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Bots Hammer Estonia In Cyber Vendetta

With nearly all DDoS attacks and spam coming from bots, infections have become a growing concern for businesses as well.

Larry Greenemeier

May 18, 2007

5 Min Read

To understand the threat that compromised computers known as "bots" pose to not only to individual companies but the Web as a whole, one has to look no further than the onslaught of crippling distributed denial-of-service, or DDoS, attacks Eastern Europe's Estonia has endured since the beginning of the month.

A number of the country's Web sites, including the one for its Ministry of Finance, have in the past two weeks been the victim of 128 different DDoS attacks, according to a security research site.

The attacks began in early May in protest to the Estonian government's removal of a Soviet-era memorial from the center of the country's capital, Tallinn. The country has been at odds with Russia since regaining its freedom from the former Soviet Union in 1991. Now Estonia has become the victim of a high-tech brand of vengeance, as botnets flood the country's networks with an overabundance of traffic in an effort to disrupt business and government functions.

The longest attacks themselves have been more than 10-and-a-half hours long sustained, "dealing a truly crushing blow to the endpoints," Arbor Networks senior security engineer Jose Nazario wrote Thursday in a blog entry. The Arbor Threat Level Analysis System, or Atlas, has been tracking Estonia's botnet troubles. "When you think about how many attacks have occurred for some of the targets, this translates into a very long-lived attack," he wrote.

Of the attacks Arbor has measured, 10 were at 90 Mbps and lasted more than 10 hours. "All in all, someone is very, very deliberate in putting the hurt on Estonia, and this kind of thing is only going to get more severe in the coming years," Nazario wrote. Increasingly, botnets are responsible for 99.9% of all DDoS attacks, which pose a threat even to the largest carrier networks, says Arbor Networks chief research officer Danny McPherson. "Every time I see an attack on the Internet, I think about what's motivating the attack, whether it's religious, political, monetary, or something else," he told InformationWeek. More interesting than the size and frequency of the Estonia attacks is the context of the attacks, which is primarily political. Adds McPherson, "We see this as an act of war on the state."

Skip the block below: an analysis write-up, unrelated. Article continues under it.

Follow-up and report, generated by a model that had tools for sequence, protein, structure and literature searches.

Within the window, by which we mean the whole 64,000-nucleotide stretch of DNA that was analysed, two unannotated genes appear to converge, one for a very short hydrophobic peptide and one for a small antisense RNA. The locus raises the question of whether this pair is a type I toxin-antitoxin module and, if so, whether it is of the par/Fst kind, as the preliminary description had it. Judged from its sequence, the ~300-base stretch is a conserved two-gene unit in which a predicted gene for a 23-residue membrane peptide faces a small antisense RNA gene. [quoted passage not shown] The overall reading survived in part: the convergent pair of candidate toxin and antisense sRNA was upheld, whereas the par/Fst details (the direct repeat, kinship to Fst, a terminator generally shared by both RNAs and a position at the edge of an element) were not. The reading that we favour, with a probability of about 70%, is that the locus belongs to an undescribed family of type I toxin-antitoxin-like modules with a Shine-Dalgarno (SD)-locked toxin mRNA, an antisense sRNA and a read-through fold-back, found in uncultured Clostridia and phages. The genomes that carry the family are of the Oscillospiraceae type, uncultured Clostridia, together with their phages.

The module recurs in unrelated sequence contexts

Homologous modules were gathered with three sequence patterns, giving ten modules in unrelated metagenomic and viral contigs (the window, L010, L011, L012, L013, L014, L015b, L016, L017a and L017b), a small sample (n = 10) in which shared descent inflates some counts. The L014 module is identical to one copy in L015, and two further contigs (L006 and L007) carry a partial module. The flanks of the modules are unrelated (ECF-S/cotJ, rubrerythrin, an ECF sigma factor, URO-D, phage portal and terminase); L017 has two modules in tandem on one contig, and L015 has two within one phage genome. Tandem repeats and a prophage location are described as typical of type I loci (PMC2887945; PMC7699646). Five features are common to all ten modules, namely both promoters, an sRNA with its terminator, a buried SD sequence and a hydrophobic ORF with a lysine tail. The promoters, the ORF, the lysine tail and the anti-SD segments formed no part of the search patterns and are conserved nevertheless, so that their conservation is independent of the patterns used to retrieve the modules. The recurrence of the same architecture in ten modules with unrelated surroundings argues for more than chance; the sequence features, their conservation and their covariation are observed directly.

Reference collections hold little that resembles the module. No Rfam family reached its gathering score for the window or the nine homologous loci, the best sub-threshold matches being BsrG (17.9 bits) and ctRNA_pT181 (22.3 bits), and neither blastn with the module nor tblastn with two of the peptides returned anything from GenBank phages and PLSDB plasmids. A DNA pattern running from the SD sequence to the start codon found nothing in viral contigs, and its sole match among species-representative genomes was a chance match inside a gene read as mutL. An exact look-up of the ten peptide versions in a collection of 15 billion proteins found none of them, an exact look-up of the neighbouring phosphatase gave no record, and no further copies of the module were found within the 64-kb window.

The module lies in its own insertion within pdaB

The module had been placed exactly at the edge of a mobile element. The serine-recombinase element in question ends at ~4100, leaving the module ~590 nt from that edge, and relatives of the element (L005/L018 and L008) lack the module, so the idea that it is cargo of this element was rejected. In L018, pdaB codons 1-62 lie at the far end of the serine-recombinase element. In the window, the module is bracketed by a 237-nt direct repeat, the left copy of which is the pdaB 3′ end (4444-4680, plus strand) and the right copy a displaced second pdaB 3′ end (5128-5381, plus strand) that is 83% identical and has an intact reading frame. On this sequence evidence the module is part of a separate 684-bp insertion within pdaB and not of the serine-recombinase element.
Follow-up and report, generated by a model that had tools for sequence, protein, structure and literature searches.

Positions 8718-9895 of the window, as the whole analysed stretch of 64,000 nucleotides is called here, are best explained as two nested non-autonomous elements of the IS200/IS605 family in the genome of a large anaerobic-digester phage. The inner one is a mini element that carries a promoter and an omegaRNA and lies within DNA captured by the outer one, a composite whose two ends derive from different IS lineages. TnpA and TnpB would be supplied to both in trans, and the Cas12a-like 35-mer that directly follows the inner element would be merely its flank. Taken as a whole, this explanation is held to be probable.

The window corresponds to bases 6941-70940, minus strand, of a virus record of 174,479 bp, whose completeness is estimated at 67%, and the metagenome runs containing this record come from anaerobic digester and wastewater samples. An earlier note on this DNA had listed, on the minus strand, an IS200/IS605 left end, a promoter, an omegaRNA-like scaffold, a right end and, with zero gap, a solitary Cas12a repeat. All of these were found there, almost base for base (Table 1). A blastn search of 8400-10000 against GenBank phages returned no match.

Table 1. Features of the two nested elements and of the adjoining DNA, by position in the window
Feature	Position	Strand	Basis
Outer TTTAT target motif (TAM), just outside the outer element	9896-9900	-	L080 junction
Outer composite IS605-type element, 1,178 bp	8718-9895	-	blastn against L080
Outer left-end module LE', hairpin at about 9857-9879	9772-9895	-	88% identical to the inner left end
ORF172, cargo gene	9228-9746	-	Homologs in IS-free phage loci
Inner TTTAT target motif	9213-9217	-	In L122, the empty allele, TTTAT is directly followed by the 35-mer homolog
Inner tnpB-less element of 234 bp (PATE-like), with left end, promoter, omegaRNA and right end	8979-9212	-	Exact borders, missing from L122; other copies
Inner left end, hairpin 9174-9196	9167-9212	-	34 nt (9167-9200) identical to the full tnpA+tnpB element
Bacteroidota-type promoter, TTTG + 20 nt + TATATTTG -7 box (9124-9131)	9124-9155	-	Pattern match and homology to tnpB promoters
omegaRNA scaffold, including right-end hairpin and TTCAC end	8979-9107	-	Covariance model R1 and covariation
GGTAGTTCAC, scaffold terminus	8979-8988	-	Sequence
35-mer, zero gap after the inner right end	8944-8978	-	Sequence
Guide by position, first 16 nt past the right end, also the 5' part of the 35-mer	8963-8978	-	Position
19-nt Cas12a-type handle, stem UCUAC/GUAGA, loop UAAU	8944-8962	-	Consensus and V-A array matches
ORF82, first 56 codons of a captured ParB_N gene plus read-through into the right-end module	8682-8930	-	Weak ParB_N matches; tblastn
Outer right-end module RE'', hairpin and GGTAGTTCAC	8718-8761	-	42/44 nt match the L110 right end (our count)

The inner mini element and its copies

The word "bot" generally refers to a compromised computer infected with malware that allows the compromised computer to be remotely controlled. Along these lines, a "botnet" is a collection of bots under the same controlling entity. This entity can communicate with different bots individually; it doesn't have to necessarily send them all the same commands. Botnet attacks aren't limited to Eastern Bloc turf wars; they've also penetrated the likes of the U.S. Department of Defense, Argonne National Laboratory, and the Alabama Supercomputer Network, InformationWeek reported last October. Botnet infections have become a growing concern for businesses. Speaking at AT&T's Cyber Security Conference on Thursday, David Gross, the company's principal for technical security, noted that he and his team have found as many as 64 botnets active out on the Internet in one day, controlling a total of 168,000 compromised computers.

Once an infected computer is turned into a bot, sometimes called a "zombie," they can be used to more subtly attack other computers, installing keyloggers or information sniffers, for example, that allow them to upload or download information to and from computers. They can prevent a computer's antivirus software from receiving the latest signatures and can redirect an organization's domain name system server so that traffic attempting to reach a legitimate site is redirected to a phishing site. They can also be used to send spam. In fact, "at least 97% of all spam delivered today comes from bots," McPherson says.

The success of an organization's defense against its computers being turned into bots depends upon the level of sophistication of the malware being used to create those bots and the botnet herder's skill in avoiding detection. At the very least, companies must regularly patch their software and keep their antivirus software up to date. Companies must carefully monitor not only inbound network traffic for malware and suspicious behavior but also outbound traffic leaving the network, in the event this traffic contains malware from an infected computer that could be used to recruit additional bots.

What makes bots so hard to eliminate is the difficulty of tracing the origins of bot traffic. Bots within a botnet are given their marching orders from a bot posing as a command and control node, and the botnet herder can move this node from one compromised computer to another to avoid detection. "It's hard to find a command-and control-system when a bot herd has 70,000 bots," Gross said Thursday. "Bots can also exist in different countries, which have different laws governing them and their removal." Some botnets can be hosted by computers that exist in anywhere from five to 50 different countries, Arbor's McPherson says.

The most common approach today when an organization's network is being attacked by a botnet is to cut off all traffic to any servers that are being targeted. This, however, isn't a way to solve the problem so much as it is a way to address an organization's most immediate concerns. More effective, and more difficult, is to have cooperation among botnet victims, ISPs, and law enforcement worldwide. "You've got to clean up those compromised hosts and prosecute offenders," McPherson says.

Until this happens, international cyber attacks such as the one Estonia faces will be a threat to every business and every developed nation.

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